The Australian Chair Survey exhibition featured at the Gallery of Australian Design, ACT from June 16–July 23, 2011.
Review by Rodney Hayward reprinted from Wood Review magazine, issue 72.
While you’re up, get me a Grants’ was a tag line in a late 1950s ad for Grants scotch whiskey. The request was from a man in a chair that told the reader precisely the kind of power and affluence to associate with Grants whiskey. The Eames lounge chair used in that ad has, over the years, appeared in scores of other promotional campaigns for exactly the same reasons: it is both extraordinarily photogenic and connotative of status.
A brand is a concocted thing to assign consistency and meaning. Narratives create and legitimise brands: memories and associations are acquired and evoked. Through our furniture, these could have the connotation of a lifestyle that frames and carries the signification of ‘Australian’. Is there an Australian posture—broad, expansive, even sprawling?
The low chairs of Jon Goulder (Amore Mio, 2010), Chris Hardy (Oru, 2010) and Charles Wilson’s (Heron, 2009) are all great stages from which to deliver incisive wisdom to a circled attentive gathering. Yet, with the body reposed, the mind instantly jumps ahead to the unsettling question of getting out of the chair. Actually, getting off the floor with our freshly disciplined or rested bodies is the problem with Simon Alexander Cook’s Mercy Seat series (1993–2010) and Nicola Macklin’s strip of artificial turf, Second Nature (2009).
This diversity flags one of the challenges of this exhibition. Is this really a survey of Australian Chair Design? Through her personal, ‘outsider’ choices, the curator Ramona Barry opens a dialogue with us that her broader view of seating reveals something that is normative and palpably ours to behold within Australian design. The generations of Rombi stools by Paul Morris; TAIT Outdoor with Justin Hutchinson giving us Jak and variants; CNC cut Ply Crates (2009) by Dale Rock and Drew Martin, and Darcy Clarke with his evolving Ned stool series—are all irreducible minimums. They are workman-like, possibly ‘Aussie’ and have some hint of that act of ‘making do’ as we park ourselves—against a wall, in the shade, in the sun.
Craft and design in Australia flow pretty much as separate streams. In a few talented people they meet: in Jon Goulder or in Justin Vecchio and his Chair Two (2008). In the latter, Vecchio reworked the understructure of the traditional wooden chair and highlighted negative space and small-section, recycled spotted gum.
Perhaps we will be eased into reflecting this country by our awakening sense that Australia’s resources are finite. The crafted chair is an effective transmitter of this complex story and along with the pieces by Goulder and Vecchio, Simon Zablotsky’s Blackwood Laminated Chairs (2007) and Michael Conole’s Ludovic (2011) are slowing things down and maybe speaking of Brand’s ‘long now’.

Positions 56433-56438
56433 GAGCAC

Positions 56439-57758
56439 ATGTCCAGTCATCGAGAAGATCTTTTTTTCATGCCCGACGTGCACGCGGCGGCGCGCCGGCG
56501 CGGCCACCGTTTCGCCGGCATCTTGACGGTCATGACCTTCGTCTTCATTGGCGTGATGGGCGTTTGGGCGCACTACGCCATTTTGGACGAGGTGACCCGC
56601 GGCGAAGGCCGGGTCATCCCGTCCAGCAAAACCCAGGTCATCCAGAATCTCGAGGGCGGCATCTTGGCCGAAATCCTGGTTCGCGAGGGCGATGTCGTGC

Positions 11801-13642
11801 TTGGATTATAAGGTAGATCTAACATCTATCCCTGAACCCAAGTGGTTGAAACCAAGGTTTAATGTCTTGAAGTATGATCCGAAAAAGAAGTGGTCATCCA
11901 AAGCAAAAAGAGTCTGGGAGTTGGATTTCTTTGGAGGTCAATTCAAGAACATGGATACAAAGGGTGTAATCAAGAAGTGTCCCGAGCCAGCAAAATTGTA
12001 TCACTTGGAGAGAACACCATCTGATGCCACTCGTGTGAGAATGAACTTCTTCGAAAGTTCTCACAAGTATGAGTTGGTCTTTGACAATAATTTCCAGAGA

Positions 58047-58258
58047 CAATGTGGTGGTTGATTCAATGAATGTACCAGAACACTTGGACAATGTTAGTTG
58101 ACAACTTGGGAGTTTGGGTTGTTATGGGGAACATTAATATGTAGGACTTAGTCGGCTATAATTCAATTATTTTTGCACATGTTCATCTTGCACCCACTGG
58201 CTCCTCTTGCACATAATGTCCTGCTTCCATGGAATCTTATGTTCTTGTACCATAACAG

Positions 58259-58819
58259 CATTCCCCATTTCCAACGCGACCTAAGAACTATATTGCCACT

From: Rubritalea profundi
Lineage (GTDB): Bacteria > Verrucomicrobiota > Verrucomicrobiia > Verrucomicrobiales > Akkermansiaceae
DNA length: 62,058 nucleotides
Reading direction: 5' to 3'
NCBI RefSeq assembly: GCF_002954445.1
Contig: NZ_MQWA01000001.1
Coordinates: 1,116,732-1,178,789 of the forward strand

Other designs pushed away from the traditional material of wood. With the only option for realising their complex designs being low volume, craft fabrication, both Laura McCusker’s Origami Stool (2009) and Meagan Oglesby’s Trellis (2009) in their value language challenge our commonly held view of plastic seating.
The world’s most ‘famous’ chair is not a design icon, but it is one of those cheap plastic things that lurk about everywhere; usually in white they slip past us and somehow we don’t see their numbers in millions. Unrepairable, landfill sites are stuffed with them. Contrastingly, the stool by McCusker is imbued especially with high-end language through its precisely crafted origami-like complexity and shiny surfaces—and, it even hints that it is repairable.
Language is often everything: haute cuisine boasts the semiotics of exclusivity for its sophisticated ‘savagery’. To this end, the ambiance is well supported by the kangaroo-fur backed chairs by Ross Didier, Tiller: Vue de monde edition (2010). With the recent political and social consciousness generated by the live beef trade, and on-going protests over kangaroo culls in places like the ACT, this chair is something of a loaded gun of associations pointed at the Australian psyche.
Plywood is never far from explorations of seating. Used as joined flat sections there is the angularity of Christina Waterson’s Lift Seat (2009), or the cut outs might be stacked and the form become extrusion-like as in Andrew Thornton Hick’s chair, Foranaft (2009) or with a tweak, Chris Hardy’s Pleat (2009).
Thus, does there arise out of this survey exhibition a sense that there is something called Australian design? Well, not really. The identification of real or imagined nuances of ‘Australian’ was promoted as key in the curation of this survey. However, the assembled design quotations have become as elements of a play: one whose script is neither cliché nor authentic embodiment of ‘Australian-ness’, but rather it enunciates their complex negotiation.
Rodney Hayward is an academic and craftsman, and was Head of the Wood Workshop, ANU School of Art from 1999 to 2010. He has written several stories for Australian Wood Review.